How Mindforce Became Hardcore's "New Lords" of Crossover Thrash | Page 2 | Revolver

How Mindforce Became Hardcore's "New Lords" of Crossover Thrash

From drug-dealing to debilitating injuries, Jay Peta has had a long road to becoming a hardcore hero
mindforce live 2022 1600x900, Oscar Rodriguez
photograph by Oscar Rodriguez

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Mindforce frontman Jay Peta's life has played out like the plot of some gnarly coming-of-age film: Upstate New York high school soccer star turned hardcore devotee descends into drug-slinging hell before finding redemption in family and a new life teaching public school by day — and fronting one of the most vibrant hardcore acts in the game at night.

"Bro, I never thought I would own a house," the 42-year-old Peta tells Revolver of his unexpected trajectory. "I've lived next to boilers under stairs in basements in Poughkeepsie."

Peta's story is an inspiring, incredible one — and hardcore has played a starring role in it from the beginning. When he was just a bright-eyed teenage athlete, an older friend told him about these things called hardcore shows that featured "the scariest, craziest, most frightening, violent, fun music in the world." From that moment on he was hooked.

"It became my religion," Peta says of his devotion to hardcore while growing up in New York's Hudson Valley, the region where he still calls home. "To this day, when I make decisions in life, lyrics ring in my head of silly hardcore songs that I love."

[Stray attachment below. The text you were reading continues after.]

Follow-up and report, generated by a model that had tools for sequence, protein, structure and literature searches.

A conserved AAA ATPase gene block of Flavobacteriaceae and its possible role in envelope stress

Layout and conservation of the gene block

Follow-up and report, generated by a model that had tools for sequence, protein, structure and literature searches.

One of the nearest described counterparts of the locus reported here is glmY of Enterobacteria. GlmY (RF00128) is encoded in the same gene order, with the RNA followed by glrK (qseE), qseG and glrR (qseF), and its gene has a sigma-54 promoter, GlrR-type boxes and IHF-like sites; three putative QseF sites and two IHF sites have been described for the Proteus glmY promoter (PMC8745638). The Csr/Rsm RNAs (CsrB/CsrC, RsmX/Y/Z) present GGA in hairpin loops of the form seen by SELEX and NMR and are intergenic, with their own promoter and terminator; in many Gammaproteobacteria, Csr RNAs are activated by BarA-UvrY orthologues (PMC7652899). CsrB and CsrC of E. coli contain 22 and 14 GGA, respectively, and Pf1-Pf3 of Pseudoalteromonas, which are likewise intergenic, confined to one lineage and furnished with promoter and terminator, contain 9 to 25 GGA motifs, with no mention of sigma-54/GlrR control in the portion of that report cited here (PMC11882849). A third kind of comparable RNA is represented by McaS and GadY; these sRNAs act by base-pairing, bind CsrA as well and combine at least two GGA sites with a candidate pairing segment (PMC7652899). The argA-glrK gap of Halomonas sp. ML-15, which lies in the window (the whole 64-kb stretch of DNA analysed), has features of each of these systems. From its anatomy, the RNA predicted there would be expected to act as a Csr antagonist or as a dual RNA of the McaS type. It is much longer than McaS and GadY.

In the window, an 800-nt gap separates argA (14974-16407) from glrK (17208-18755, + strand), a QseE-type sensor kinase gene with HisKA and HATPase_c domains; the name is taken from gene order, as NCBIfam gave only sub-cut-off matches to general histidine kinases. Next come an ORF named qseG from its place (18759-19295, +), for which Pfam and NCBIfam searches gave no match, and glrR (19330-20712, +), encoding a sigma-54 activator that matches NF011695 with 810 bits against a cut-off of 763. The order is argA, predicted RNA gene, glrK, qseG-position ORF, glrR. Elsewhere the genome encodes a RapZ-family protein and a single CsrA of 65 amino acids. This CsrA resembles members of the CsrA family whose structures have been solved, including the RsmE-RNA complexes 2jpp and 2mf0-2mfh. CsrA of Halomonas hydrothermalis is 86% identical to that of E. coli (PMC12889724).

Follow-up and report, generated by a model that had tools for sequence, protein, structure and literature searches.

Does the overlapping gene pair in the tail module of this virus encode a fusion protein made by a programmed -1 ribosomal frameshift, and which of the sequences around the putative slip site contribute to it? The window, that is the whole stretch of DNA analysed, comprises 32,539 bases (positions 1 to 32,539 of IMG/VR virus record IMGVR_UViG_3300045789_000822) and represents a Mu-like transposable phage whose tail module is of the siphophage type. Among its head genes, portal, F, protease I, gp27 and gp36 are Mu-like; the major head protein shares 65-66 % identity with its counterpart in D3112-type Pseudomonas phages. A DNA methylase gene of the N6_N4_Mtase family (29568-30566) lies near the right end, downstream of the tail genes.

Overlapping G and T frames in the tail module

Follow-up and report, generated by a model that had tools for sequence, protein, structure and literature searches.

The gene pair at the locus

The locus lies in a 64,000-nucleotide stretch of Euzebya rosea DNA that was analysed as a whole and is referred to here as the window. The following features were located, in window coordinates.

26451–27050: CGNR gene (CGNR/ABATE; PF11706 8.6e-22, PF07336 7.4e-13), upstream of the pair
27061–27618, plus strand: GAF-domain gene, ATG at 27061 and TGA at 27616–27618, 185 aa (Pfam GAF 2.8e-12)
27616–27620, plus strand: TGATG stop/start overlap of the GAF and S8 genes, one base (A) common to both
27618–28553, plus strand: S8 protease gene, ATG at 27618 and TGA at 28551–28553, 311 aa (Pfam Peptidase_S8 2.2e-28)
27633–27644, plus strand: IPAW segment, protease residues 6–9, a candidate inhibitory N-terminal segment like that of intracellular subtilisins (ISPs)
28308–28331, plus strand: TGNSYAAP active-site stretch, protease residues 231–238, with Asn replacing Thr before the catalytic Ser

Now, there's a whole new generation of zealots using hardcore as their north star — and it's Peta's lyrics guiding them through life's tribulations. Mindforce are presently a headlining act in the genre, commanding blowout crowds at fests like Sound and Fury and FYA, touring with Terror and continuing their rise to dominance with their sophomore album, New Lords.

Renowned for their live showmanship and air-tight playing, Mindforce's clever breed of metallic hardcore strikes a fresh balance between myriad heavy, thrashy and bouncy New York styles — like if Leeway were influenced by Merauder instead of the other way around.

The band are deservedly thriving. But for Peta, it took a long time to get here. For 20 years, he grinded in outfits that never broke outside of upstate New York. In 2016, Mindforce emerged as another humble beginning for the hardcore lifer, but this band shockingly took off. Much like owning a house, Peta's gratitude and genuine disbelief is apparent when he talks about the wild shows he gets to play every time Mindforce step onstage.

"It literally feels like what we always dreamed about as kids going to see Madball at [iconic Poughkeepsie venue] the Chance, always wanting to be that," Peta enthuses. "I'm pinching myself a lot of the time, man."

He has more eyes on him now than ever before, but Peta's always been a memorable sight at the shows he attended. "I was dancing for every single band, no matter what style. Every show." Throughout his adolescence, he earned a reputation for being a wild mosher and risky stage-diver — and despite getting knocked out cold at one of the first shows he attended, he kept it up well into adulthood.

A promising soccer star in his teens, he was set to graduate high school and play at the college level, but he chose hardcore instead. Music remained a constant, but his lack of direction in other areas of life led to several years of mayhem and crime in his early twenties. "Not the most productive, proud period of my life," he admits of the era during which he and his friends inhabited various houses throughout Poughkeepsie's rougher neighborhoods.

"We were all selling drugs," he says, voice lowering. "People died; friends passed away from drug abuse. And it unfortunately took some dark times to turn me around."